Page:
Qiagen posted third quarter results Wednesday in line with recently downgraded expectations.
The company saw net sales grew 3%. Qiagen blamed its inability to hit its previous 4% to 5% growth target on troubles in China, where sales slumped by 24%.
Qiagen is changing its CEO, restructuring and tying its next generation sequencing (NGS) strategy to Illumina to improve its fortunes, but analysts at Cowen think its expectations for 2020 are too high.
Qiagen braced investors for a tough quarter earlier this month when it revealed sales had fallen short of expectations and outlined a raft of changes to its business. On Wednesday, Qiagen provided more details of why it missed its sales target in its final third quarter results.
The full financials show sales in China fell 24% in the quarter, which wiped out the 11% growth seen elsewhere in Asia Pacific. Qiagen attributed the sharp decline in China to a slowdown in distributor orders and the end of its NGS joint venture. Analyst at Cowen calculate the joint venture accounted for nine percentage points of the decline in Chinese sales, putting the underlying drop at 15%.
Qiagen's troubles in China contributed to a 2% decline in molecular diagnostic sales. The unit was also hit by a 37% drop in sales from companion diagnostic co-development projects. After stripping out the impact of China and other disclosed factors from their calculations, the Cowen analysts concluded molecular diagnostic sales were likely still down by low single digits on the prior year.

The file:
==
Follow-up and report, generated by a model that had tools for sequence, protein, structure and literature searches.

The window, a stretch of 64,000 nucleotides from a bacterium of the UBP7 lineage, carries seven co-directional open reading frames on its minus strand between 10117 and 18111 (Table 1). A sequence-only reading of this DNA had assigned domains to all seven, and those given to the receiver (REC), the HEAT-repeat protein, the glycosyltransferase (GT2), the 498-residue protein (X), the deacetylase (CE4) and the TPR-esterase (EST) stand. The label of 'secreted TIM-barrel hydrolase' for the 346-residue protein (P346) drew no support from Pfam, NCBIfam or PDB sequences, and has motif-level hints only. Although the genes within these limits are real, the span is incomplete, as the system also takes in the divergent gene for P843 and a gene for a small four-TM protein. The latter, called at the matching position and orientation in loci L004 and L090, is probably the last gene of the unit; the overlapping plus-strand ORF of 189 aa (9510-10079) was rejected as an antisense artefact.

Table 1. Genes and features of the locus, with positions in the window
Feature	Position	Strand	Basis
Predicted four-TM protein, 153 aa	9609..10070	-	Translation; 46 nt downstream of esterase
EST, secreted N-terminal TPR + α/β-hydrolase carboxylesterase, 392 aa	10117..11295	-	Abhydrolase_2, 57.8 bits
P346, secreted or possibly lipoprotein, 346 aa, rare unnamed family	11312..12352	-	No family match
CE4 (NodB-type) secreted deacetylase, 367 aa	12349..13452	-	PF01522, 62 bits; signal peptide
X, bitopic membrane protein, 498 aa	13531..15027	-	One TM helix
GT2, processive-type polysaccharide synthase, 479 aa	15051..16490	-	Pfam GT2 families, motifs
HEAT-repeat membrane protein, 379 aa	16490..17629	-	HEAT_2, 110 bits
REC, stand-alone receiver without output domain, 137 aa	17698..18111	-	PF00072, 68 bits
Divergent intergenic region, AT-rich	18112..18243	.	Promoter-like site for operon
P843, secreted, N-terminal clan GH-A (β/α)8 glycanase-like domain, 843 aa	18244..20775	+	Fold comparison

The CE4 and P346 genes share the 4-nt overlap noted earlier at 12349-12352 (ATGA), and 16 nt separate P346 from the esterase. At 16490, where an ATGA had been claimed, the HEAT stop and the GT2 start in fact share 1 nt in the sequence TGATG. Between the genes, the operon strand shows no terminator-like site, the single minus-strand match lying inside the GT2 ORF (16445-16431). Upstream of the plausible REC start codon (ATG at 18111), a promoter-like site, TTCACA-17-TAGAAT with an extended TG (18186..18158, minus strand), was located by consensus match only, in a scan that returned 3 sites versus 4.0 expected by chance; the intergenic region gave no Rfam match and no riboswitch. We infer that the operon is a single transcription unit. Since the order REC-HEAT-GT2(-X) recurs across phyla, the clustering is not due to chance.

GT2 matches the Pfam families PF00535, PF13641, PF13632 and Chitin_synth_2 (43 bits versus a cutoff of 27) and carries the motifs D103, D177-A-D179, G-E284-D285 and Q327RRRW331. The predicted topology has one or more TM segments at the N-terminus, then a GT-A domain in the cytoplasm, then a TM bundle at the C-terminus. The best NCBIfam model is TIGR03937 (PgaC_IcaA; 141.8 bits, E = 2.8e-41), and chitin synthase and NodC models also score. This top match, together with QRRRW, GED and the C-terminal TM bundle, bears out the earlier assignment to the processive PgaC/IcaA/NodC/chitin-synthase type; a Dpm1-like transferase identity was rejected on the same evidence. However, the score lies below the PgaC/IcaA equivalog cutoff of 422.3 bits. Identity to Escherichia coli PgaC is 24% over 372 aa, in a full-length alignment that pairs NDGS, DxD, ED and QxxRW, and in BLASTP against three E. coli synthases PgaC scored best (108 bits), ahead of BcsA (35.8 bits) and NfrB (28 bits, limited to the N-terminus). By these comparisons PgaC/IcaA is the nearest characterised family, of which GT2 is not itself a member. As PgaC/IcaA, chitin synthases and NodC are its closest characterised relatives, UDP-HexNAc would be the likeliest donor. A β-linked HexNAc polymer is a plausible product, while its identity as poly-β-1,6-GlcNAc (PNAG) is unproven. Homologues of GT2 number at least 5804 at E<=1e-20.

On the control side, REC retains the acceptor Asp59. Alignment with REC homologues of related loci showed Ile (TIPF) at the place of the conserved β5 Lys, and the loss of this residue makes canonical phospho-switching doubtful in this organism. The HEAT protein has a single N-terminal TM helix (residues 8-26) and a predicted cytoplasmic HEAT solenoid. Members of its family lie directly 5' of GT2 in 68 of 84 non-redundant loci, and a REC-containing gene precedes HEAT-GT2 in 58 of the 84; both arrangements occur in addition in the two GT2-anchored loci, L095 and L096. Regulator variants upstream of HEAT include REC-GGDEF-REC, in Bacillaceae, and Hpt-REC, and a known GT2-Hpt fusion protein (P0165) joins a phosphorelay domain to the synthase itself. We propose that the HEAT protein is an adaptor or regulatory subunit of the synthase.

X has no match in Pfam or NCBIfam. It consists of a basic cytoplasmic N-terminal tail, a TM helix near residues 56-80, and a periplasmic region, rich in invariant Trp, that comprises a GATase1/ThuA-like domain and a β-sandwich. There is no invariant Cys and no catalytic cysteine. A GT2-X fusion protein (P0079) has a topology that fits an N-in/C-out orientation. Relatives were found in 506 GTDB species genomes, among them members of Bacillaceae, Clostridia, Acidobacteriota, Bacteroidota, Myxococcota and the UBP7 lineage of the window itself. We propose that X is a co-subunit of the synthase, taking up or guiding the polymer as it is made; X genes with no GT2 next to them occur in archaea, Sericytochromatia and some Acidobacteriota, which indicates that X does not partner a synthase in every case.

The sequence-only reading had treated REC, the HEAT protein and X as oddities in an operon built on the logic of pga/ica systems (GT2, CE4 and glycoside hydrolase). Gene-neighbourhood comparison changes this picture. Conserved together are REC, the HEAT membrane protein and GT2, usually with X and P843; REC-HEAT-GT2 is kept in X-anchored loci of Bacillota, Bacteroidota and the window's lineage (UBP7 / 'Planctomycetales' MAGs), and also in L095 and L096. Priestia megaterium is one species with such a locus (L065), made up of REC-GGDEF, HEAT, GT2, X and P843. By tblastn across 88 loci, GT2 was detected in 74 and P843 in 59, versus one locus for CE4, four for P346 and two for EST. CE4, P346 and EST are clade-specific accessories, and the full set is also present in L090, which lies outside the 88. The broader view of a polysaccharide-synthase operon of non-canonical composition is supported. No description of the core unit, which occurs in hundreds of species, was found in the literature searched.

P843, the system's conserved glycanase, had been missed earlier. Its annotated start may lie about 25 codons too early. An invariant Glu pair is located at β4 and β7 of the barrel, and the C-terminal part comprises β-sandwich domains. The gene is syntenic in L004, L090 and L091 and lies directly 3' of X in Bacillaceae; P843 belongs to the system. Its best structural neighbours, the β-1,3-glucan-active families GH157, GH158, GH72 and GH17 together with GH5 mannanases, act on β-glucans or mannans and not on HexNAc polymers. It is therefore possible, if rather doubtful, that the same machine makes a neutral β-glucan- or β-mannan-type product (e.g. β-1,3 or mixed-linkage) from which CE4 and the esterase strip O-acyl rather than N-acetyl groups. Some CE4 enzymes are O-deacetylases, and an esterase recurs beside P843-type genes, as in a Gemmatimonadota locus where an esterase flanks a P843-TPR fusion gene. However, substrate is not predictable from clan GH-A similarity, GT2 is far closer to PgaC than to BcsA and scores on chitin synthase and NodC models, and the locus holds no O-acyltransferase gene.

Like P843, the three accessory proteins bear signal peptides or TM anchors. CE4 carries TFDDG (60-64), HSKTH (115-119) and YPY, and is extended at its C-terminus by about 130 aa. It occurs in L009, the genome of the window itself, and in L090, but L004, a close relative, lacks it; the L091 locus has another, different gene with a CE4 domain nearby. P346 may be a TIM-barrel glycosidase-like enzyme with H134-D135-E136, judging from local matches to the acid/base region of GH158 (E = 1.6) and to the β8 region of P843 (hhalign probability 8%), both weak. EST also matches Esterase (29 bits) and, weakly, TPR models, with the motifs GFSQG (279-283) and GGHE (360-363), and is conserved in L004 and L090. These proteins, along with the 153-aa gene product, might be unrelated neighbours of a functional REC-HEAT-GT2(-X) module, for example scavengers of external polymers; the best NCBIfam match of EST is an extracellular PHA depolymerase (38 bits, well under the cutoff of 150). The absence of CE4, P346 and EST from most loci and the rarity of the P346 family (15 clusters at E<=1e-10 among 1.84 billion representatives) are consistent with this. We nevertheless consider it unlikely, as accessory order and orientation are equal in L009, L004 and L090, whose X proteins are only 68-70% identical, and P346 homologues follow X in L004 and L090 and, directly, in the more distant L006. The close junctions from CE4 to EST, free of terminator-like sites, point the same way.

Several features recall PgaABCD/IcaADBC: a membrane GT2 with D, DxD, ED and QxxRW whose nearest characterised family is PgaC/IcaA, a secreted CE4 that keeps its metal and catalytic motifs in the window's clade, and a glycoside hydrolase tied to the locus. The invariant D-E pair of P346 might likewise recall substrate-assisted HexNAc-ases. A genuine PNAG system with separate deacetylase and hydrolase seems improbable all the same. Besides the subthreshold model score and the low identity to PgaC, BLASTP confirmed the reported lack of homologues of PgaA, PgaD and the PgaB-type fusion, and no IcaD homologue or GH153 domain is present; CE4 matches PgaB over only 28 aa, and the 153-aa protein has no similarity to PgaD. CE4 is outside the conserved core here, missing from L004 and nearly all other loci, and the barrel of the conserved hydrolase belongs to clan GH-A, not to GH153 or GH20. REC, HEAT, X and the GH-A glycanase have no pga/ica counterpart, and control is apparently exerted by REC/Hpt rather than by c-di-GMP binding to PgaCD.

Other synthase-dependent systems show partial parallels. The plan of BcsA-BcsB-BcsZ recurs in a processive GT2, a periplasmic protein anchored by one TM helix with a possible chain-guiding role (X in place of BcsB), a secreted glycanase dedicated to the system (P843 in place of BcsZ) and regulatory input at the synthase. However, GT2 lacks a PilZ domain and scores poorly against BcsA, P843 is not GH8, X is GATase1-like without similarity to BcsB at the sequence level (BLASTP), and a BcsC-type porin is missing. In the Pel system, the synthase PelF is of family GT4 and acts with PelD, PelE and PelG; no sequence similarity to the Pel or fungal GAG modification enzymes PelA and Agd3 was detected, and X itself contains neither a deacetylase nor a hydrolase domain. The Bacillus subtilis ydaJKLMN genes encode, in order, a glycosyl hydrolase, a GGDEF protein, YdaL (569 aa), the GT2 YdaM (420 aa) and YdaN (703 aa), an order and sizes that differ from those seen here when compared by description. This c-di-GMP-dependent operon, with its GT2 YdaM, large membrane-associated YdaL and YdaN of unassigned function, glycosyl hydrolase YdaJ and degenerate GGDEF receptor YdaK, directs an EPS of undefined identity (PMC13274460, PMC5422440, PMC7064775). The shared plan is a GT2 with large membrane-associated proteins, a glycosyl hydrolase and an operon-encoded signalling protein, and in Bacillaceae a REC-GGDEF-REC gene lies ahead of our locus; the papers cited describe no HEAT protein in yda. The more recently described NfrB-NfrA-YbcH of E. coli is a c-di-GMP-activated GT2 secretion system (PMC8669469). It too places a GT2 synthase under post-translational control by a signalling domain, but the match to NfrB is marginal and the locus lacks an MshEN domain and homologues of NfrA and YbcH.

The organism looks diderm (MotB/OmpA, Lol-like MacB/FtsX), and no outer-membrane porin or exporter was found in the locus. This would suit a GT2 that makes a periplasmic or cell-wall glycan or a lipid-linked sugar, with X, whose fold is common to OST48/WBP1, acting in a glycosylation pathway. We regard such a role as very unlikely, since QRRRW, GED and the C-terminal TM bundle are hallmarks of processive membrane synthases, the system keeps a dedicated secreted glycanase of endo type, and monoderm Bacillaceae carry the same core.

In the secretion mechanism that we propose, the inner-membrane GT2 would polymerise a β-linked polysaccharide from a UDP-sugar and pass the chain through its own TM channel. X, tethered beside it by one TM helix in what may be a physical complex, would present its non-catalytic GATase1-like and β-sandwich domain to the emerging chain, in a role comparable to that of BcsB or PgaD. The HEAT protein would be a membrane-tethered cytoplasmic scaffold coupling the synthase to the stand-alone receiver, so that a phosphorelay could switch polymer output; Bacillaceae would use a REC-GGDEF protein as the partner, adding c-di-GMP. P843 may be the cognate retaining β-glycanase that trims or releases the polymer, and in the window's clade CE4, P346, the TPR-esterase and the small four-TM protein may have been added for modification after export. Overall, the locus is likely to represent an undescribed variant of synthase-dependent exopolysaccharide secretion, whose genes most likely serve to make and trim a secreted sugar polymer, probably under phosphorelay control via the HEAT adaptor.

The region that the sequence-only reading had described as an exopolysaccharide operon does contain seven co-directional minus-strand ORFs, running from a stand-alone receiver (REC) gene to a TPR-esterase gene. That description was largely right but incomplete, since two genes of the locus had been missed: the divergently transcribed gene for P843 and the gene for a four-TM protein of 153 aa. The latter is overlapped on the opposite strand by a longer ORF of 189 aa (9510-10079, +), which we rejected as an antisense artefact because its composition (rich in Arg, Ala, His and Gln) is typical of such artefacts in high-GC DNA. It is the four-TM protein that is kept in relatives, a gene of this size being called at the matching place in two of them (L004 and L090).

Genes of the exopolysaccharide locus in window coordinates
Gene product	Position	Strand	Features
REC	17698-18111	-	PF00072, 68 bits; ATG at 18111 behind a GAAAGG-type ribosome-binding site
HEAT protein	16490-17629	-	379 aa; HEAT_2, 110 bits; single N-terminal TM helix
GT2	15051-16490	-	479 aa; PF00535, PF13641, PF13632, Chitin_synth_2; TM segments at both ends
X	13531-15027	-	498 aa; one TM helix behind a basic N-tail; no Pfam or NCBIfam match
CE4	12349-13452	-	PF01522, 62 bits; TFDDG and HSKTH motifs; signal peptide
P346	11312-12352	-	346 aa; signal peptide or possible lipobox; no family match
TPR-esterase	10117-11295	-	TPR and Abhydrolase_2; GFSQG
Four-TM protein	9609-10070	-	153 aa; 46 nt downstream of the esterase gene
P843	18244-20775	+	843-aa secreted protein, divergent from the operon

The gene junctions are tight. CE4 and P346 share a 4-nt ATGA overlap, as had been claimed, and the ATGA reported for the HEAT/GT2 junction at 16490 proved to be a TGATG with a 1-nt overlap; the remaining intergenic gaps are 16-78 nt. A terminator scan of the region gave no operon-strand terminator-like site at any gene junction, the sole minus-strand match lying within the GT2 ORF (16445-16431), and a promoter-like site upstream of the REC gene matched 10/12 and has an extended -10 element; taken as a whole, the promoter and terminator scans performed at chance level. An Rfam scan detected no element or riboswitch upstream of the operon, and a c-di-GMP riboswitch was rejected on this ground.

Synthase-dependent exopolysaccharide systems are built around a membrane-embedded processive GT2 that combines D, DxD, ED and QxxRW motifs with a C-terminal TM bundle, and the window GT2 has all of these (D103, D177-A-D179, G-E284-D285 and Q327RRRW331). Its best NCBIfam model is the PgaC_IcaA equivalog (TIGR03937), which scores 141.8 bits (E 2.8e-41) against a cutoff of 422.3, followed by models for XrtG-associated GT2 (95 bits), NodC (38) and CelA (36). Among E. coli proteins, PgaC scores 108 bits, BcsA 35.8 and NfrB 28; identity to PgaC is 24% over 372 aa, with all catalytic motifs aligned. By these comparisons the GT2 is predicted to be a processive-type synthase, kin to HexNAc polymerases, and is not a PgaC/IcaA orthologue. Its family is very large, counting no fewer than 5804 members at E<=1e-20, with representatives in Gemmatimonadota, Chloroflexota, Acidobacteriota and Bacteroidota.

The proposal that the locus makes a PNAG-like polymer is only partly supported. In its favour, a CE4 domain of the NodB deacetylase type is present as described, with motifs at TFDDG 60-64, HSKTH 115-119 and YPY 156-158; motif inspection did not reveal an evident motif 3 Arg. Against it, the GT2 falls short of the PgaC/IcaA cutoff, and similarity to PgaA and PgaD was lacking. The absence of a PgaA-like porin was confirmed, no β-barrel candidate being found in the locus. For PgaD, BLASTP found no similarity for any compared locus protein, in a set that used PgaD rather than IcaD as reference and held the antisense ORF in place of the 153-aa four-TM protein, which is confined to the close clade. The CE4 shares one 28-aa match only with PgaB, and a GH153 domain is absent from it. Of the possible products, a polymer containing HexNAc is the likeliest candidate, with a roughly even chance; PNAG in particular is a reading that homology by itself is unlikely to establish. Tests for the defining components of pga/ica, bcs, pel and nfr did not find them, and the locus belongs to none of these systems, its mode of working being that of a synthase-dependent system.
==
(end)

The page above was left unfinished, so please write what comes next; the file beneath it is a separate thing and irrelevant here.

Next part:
Faced with the difficulties, Qiagen is restructuring its operations. Qiagen disclosed the restructuring earlier this month but its calculation of the cost of the changes has already changed. In the third quarter, Qiagen recognized restructuring charges as $277 million, as compared to its prior forecast of up to $265 million. The cash piece of the charges came in around $10 million above expectations.
The restructuring is part of a broader shift in strategy, which has seen Qiagen suspend development of NGS instruments and partner with Illumina. Last week, Illumina CEO Francis deSouza outlined why he decided to team up with Qiagen.
"They have a business in infectious disease, for example, and a number of other clinical domains where they already have the commercial capability to take products to market. That's exciting for us as a starting point in our relationship, and also gives us line of sight into how this relationship could expand into other clinical domains," deSouzav told investors on a quarterly earnings call.